Aztec Secret Clay Mask Tutorial

We’ve been hearing about the wonders of the Aztec Secret Indian Healing Clay for some time now, so we thought we’d give it a try and share the experience with you. Just to put it out there right away…this stuff is amazing and is now officially part of our healthy skin regimen.

The clay can be purchased in a variety of sizes, ranging by pounds. We went with the 1lb option, which at $9.83, is a total bargain because 1lb will create 10 – 15 facials. The clay is 100% calcium benzonite and is sourced from Death Valley, California. It comes in powder form and when mixed with water, becomes a sort of magnet that pulls toxins, oils, and metals towards it. Sounds wild, and it sort of is because you can actually feel the pulling sensation as the mask hardens. But don’t worry, it’s completely safe and natural.

According to the Aztec Secret site

“When a facial or clay poultice is applied to the skin it forms a negative charge. Poisons and toxins stored in the epidermis have a positive charge – Aztec Secret Indian Healing Clay lifts the pimple and blackheads into the clay bed to cause accelerated healing and nourishment to the skin with over 50 minerals.100% NATURAL.”

Not only is it natural and fragrance and paraben-free, Aztec Secret is vegan and is not tested on animals.



Because of the response the clay has to metals, you’ll want to make sure to mix the facial using glass, wooden or ceramic bowls and utensils.



The instructions say to mix the powder with equal parts water and/or apple cider vinegar. We didn’t know how much it would make because it was our first time, so we went with 1/2 cup of clay powder, 1/2 cup of water and 1 tablespoon of apple cider vinegar. In the end, this yielded about 3 masks, so if you are doing this solo, you can can get by comfortably with 1/4 or 1/8 cup of water and clay powder with apple cider vinegar as optional. We were going to forego the apple cider vinegar initially, but added it in the end to help smooth out the texture a bit more.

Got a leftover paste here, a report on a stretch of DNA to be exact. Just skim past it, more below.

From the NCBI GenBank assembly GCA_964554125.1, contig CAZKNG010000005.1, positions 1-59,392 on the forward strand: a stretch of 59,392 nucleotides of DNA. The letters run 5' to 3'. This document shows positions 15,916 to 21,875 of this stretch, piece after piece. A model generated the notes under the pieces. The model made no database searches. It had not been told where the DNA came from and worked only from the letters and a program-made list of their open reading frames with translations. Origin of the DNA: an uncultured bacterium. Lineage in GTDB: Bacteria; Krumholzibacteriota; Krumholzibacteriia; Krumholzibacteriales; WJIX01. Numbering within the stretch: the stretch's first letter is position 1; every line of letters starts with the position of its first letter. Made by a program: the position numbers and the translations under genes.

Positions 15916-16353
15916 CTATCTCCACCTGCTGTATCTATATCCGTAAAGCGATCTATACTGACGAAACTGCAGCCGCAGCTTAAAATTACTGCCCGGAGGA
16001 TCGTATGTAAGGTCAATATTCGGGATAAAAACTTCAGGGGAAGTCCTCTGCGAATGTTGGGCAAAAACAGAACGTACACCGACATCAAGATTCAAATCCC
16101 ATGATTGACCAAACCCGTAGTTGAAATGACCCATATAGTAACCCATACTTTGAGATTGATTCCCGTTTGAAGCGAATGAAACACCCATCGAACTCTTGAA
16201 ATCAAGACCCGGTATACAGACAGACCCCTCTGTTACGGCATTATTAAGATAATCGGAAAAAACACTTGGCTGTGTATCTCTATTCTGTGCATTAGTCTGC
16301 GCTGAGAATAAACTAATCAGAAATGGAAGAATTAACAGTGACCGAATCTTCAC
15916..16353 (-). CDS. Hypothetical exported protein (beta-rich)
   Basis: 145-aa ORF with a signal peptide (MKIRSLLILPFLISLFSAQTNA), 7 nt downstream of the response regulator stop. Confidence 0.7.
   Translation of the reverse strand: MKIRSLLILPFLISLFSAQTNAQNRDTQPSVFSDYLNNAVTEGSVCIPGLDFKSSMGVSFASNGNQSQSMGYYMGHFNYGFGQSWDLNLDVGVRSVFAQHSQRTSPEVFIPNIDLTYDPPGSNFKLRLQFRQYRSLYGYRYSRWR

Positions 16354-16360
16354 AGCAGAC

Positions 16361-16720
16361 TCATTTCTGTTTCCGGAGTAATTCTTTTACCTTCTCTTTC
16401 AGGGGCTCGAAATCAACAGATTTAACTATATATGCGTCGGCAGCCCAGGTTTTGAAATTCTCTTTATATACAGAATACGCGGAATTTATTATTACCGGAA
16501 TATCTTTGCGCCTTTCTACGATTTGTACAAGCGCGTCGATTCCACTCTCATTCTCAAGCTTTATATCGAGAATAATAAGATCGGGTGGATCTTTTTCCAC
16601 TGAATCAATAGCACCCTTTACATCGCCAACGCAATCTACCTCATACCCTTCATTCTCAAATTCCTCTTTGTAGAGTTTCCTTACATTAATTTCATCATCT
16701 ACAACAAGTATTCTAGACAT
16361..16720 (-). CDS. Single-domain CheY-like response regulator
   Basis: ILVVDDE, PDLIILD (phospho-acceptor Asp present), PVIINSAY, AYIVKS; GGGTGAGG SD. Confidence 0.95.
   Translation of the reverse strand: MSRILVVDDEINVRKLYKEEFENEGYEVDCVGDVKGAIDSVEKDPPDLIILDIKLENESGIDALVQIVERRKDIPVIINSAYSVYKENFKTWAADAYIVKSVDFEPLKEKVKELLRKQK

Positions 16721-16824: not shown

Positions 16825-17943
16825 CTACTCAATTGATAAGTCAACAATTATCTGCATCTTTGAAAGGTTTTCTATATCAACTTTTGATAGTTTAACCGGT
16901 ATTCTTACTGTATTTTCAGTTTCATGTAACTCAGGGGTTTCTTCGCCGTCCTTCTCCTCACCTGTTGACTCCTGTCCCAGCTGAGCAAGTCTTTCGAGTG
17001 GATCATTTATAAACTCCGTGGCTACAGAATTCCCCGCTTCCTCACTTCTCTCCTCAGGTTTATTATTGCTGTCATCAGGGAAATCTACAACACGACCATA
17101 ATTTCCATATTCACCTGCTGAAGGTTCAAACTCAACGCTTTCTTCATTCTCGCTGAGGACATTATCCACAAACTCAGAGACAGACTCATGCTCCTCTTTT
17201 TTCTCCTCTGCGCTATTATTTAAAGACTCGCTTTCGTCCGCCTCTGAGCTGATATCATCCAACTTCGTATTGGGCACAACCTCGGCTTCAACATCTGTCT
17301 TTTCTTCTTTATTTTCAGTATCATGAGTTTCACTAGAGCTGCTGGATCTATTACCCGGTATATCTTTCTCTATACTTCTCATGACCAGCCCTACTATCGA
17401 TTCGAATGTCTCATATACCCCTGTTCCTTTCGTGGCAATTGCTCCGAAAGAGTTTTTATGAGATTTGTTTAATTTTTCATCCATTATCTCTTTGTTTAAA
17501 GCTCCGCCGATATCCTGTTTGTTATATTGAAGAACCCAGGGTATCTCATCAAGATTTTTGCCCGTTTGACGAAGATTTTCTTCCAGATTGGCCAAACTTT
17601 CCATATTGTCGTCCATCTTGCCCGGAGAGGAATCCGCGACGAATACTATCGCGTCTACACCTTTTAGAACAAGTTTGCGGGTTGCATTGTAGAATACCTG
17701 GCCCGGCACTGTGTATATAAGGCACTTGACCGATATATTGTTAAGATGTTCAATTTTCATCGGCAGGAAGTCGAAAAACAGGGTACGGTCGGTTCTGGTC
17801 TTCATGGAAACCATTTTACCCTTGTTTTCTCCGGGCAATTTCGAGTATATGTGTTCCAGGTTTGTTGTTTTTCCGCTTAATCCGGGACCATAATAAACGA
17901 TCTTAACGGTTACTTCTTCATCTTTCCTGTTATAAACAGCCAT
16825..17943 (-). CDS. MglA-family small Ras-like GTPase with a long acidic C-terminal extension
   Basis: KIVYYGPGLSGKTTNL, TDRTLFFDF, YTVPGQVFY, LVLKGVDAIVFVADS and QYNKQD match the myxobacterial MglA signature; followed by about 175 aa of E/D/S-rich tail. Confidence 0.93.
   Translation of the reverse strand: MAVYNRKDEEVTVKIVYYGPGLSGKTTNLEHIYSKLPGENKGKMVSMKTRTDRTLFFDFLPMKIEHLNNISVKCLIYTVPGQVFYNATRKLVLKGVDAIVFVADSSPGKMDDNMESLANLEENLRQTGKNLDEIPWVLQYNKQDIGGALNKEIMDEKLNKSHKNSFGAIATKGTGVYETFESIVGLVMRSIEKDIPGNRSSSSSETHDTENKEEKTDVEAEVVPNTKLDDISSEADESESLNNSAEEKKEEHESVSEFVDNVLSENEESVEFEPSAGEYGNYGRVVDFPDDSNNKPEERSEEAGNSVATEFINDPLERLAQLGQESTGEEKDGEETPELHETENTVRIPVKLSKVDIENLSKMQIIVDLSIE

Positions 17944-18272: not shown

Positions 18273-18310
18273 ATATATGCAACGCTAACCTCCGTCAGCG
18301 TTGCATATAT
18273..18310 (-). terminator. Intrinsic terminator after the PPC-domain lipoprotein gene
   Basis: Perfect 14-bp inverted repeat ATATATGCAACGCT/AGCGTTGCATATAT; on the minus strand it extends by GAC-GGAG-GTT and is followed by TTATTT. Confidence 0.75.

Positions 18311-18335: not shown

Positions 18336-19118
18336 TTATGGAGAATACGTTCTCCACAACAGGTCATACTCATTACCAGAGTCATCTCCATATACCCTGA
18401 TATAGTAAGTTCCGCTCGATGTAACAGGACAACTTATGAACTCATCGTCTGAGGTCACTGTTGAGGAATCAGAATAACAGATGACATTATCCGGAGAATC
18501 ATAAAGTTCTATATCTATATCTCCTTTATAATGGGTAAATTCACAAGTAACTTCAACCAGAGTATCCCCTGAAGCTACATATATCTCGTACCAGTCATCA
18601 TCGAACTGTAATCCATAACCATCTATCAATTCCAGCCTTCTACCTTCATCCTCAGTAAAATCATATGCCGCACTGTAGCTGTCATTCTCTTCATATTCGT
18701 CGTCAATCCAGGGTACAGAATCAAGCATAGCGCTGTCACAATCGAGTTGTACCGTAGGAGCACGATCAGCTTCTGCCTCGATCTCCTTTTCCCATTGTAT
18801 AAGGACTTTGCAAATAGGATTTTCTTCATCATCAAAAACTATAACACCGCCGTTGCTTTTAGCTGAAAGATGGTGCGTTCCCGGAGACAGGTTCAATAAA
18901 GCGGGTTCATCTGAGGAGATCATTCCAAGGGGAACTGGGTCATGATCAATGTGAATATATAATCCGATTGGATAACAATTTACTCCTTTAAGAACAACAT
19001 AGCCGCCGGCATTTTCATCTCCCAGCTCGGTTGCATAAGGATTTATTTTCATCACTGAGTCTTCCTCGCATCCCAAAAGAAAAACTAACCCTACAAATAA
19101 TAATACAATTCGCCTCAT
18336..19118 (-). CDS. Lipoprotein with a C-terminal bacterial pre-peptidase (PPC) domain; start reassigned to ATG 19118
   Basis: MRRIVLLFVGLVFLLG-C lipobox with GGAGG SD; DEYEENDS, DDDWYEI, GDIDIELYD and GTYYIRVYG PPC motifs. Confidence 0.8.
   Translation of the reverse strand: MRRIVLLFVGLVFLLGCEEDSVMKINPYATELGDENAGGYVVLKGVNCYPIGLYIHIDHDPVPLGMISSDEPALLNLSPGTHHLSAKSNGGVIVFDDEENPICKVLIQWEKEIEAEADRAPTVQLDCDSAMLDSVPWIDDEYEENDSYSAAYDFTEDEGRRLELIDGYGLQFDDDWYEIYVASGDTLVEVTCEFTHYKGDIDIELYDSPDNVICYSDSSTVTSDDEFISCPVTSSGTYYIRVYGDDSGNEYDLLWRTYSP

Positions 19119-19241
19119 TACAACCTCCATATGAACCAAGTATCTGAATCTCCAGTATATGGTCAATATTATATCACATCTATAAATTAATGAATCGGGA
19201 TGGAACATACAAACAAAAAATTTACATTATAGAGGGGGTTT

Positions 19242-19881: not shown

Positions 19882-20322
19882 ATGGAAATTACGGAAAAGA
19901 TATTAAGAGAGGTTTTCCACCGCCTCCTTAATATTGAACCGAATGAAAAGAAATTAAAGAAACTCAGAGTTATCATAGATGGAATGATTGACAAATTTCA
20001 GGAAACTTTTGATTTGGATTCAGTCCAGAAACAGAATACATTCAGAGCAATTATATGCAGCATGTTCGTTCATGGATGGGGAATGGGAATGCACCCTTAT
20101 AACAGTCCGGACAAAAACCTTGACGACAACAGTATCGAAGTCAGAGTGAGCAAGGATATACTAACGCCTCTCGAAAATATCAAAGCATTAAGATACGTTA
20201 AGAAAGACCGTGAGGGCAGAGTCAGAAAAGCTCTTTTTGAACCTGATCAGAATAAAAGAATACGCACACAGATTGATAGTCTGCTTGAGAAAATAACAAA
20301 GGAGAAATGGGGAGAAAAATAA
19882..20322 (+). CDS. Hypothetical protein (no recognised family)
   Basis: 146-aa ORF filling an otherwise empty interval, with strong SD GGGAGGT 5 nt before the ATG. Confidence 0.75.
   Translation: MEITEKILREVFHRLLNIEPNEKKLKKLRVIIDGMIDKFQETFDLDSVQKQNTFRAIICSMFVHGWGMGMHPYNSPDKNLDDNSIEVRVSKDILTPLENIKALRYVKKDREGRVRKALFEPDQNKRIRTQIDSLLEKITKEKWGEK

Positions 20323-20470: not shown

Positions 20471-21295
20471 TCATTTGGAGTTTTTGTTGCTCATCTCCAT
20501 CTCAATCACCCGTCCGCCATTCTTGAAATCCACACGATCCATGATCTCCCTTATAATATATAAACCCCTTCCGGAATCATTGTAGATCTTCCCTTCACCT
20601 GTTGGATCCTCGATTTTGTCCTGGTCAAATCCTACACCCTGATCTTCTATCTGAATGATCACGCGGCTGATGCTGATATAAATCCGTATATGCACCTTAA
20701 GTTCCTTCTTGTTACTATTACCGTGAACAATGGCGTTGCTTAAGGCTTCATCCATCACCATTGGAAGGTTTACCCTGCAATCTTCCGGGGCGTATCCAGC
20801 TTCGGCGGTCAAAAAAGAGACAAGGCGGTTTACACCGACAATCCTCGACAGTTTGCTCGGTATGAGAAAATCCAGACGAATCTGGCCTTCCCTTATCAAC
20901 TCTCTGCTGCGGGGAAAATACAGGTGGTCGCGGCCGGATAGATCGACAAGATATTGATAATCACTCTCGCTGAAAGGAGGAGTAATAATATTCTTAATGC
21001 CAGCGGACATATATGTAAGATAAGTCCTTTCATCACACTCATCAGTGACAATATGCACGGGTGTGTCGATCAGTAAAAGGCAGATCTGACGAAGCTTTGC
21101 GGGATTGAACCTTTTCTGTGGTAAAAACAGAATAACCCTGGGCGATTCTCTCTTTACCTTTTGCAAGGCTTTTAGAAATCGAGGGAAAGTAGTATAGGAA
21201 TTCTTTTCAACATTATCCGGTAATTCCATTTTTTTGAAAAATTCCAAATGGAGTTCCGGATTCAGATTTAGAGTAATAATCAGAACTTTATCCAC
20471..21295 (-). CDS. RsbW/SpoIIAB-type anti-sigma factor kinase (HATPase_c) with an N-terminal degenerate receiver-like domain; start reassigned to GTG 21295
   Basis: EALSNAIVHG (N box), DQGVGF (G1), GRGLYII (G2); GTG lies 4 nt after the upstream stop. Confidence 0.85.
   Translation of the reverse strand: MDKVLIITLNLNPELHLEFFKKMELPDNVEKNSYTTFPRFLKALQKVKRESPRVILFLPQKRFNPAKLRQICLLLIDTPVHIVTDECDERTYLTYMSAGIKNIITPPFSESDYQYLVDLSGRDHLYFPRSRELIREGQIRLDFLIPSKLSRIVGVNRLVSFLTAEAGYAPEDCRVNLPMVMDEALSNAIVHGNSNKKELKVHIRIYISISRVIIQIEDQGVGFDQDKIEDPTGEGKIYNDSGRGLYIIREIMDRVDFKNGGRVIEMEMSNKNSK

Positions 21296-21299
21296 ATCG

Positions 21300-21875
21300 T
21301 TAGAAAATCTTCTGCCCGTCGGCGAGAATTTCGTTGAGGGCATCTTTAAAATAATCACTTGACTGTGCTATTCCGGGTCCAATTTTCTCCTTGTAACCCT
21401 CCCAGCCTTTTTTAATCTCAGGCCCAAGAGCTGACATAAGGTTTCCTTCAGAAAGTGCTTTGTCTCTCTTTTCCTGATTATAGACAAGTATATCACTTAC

Need-Vegan-Aztec-Secret-Indian-Healing-Clay_Facial Mask

You’ll spend about 5 minutes mixing the ingredients together to get the texture smooth enough, but go ahead and adjust powder, water, and acv until it looks and feels right. The point is to get it to a consistency that can easily spread on your face and that isn’t overly clumpy. There is no “perfect” here.


Need-Vegan-Aztec-Secret-Indian-Healing-Clay_Facial Mask

Start spreading the clay mix on your face and under your jawline (if you break out there) so that it’s about 1/4 inch thick, avoiding eyes and mouth.


Once the clay is on, it’s time to chill. For super sensitive skin, leave the mask on for about 10 minutes. For normal skin, 20 minutes should do the trick. You’ll get a sense for how long you want it on because, as mentioned earlier, you’ll begin to feel a pulsating and pulling sensation as the mask hardens. We took ours off after that feeling stopped, which was about 20 minutes.


All you need to do to take the mask off is wash your face with warm water. It’ll take a few minutes as the clay softens and comes off, but it’s relatively easy. After we got most of it off, we washed our face further with some African Botanics Pure Marula Cleansing Oil to remove any last little bits.


  • Test, test, test. Some people may not like the pulling sensation of the facial, so we highly recommend testing a small patch of skin first to make sure you are 1) comfortable with it and 2) your skin reacts normally. Really, this is a recommendation for any new beauty products you try.
  • Don’t make too much! As noted in Step 2 above, we made enough for about 3 facials. Use your judgement on how much you want to make based on our measurements.
  • Even though we said to avoid your eyes when applying the facial, really be careful because the mask goes on thick and you may accidentally spread it too close unintentionally. Let’s just say, we were pulling it out of our eyelashes! Oops.
  • Some folks report redness after the mask is washed off, but that should subside after 30 minutes.